As a project at the university it was my task to build an evaluation board for the DS80C400 microcontroller from Dallas Semiconductors (now Maxim), and to employ the microcontroller's networking capabilities. The system should allow you to control devices connected to one of the board's serial ports over the Internet using TCP/IP.
As a secondary application I chose to realize an MP3 player which can play back Internet radio streams. To control this application there must be the possibility to connect an LCD and several keys to the evaluation board.
The heart of the system is a DS80C400 microcontroller, which, amongst other things, contains an Ethernet MAC, three serial ports, one CAN controller, and a 1-Wire bus master. The system contains 512 KB Flash memory and 512 KB battery buffered SRAM. The Flash is dimensioned to host a Java virtual machine, and the SRAM is big enough to be used as working memory and for the file system of the operating system.
The evaluation board has the following communication interfaces:
An MP3 decoder is on a second board, which fits onto the extension connectors of the main board. The MP3 decoder is a VS1001K from VLSI Solution Oy, and offers a stereo output strong enough to drive headphones.
There is a Java virtual machine and a simple operating system available for the DS80C400 microcontroller. These software components are stored in the Flash memory. The operating system has a command shell which can be accessed via a serial port or also over the network with Telnet, and there is the possibility to upload and download files using FTP. The system is programmable in Java, while time-critical code can be written in 8051-assembler, and imported into the Java project as a native library.
Please refer to the protocol (download below)
for more information, like schematics, layouts, and software.
Even though the protocol is in German the software comments
are in English.
Also feel free to contact me if you have questions. When there is enough interest I could translate further parts of the protocol.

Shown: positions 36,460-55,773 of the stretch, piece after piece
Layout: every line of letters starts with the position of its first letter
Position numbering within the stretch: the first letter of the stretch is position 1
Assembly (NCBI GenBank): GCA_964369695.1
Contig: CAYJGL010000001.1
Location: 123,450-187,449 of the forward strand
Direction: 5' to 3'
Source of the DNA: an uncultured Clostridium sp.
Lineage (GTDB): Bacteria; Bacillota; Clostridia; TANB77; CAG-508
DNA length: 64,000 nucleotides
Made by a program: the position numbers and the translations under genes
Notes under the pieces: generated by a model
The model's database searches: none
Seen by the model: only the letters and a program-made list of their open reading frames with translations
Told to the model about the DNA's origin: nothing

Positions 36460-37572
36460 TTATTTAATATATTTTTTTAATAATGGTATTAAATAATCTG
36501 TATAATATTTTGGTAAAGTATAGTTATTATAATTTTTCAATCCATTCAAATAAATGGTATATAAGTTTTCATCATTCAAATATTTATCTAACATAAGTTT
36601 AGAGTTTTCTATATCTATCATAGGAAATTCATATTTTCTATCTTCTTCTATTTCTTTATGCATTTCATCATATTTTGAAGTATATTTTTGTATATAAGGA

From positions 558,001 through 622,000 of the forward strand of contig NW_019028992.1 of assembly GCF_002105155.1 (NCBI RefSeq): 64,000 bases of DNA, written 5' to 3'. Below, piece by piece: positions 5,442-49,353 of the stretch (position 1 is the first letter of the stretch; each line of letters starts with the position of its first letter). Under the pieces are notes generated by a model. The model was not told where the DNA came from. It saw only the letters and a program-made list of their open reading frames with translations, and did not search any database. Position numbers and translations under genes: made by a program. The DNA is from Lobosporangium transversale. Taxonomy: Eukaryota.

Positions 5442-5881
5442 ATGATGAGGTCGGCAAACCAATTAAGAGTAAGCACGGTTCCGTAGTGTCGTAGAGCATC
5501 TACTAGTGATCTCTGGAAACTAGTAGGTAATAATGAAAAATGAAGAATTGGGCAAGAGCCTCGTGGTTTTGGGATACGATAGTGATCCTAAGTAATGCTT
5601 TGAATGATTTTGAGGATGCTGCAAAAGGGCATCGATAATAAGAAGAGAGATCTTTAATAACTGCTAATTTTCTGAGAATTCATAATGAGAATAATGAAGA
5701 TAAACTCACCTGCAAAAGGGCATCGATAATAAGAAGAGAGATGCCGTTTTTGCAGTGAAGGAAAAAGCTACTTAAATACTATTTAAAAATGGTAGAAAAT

The following figure shows the block diagram of the evaluation board. The individual parts of the circuit are described below.
Please refer to the protocol (download below) for the full schematics.
The microcontroller DS80C400 exposes an Intel-compatible bus, the media independent interface (MII) of its integrated Ethernet MAC, and various other signals to interface a wide range of integrated peripherals.
The microcontroller's clock generation unit is connected to a 14.75 MHz quartz. The frequency of the quartz is doubled internally, so that the processor runs at a frequency of 29.5 MHz.
There are two components on the 1-Wire bus:
The memory consists of 512 KB Flash and 512 KB SRAM. The SRAM is battery-buffered because the operating system maintains a filesystem there.
The buffering is handled by Maxim's MAX6365 voltage supervisor, which switches the supply voltage of the SRAM to a battery when the main voltage supply is interrupted. In this case the IC also keeps the SRAM's chip enable signal inactive to protect the content from unintended write operations. Further, the voltage supervisor is responsible for generating the reset signal for the microcontroller.
The Flash used is of the type AM29LV040 from AMD. The reason is that the firmware is only able to write to Flash memory from AMD, and the capacity of 512 KB is required to hold the Java-VM and the operating system.
The STE100P (subsequently called PHY) is a high performance Fast Ethernet physical layer (PHY) interface for 10Base-T and 100Base-TX applications. It provides a Media Independent Interface (MII) which is connected to the 10/100 Media Access Controller (MAC) of the microcontroller. The MII consists of two parts, the MII control interface and the MII data interface.
The circuit of the PHY is taken from the reference circuit in its datasheet. The only difference is that the used RJ45 connector (type MOL85533-0002) already contains the required transformer.
For the case that there are more PHYs connected to the MII control interface, there is the possibility to configure the address of the PHY via some pins. Because it was not clear in advance, how the firmware of the microcontroller would handle the address of the connected PHY, the address can be configured to be either 0 or 1. The Intel PHY LXT972ALC which is used in all example circuits from Dallas Semiconductors has a default address of 0, and does not even support different addresses. The STE100P, on the other hand, has the property that when it is configured to use address 0, the MII data interface is deactivated by default and must be activated by the software.
This is the reason why the NetBoot functionality of the microcontroller does not work. NetBoot expects a PHY with active MII data interface on address 0. Fortunately the Java networking code also works when the PHY is at address 1.
This protocol was part of the deliverable for this project.
It contains the circuit layouts, manuals for developers and
users, and the software source codes.
Note: Originally this document was part of a CD-ROM with datasheets of all ICs. Out of the context of the CD there are now broken links to these files.
Download Protocol (as PDF, 1.0 MB)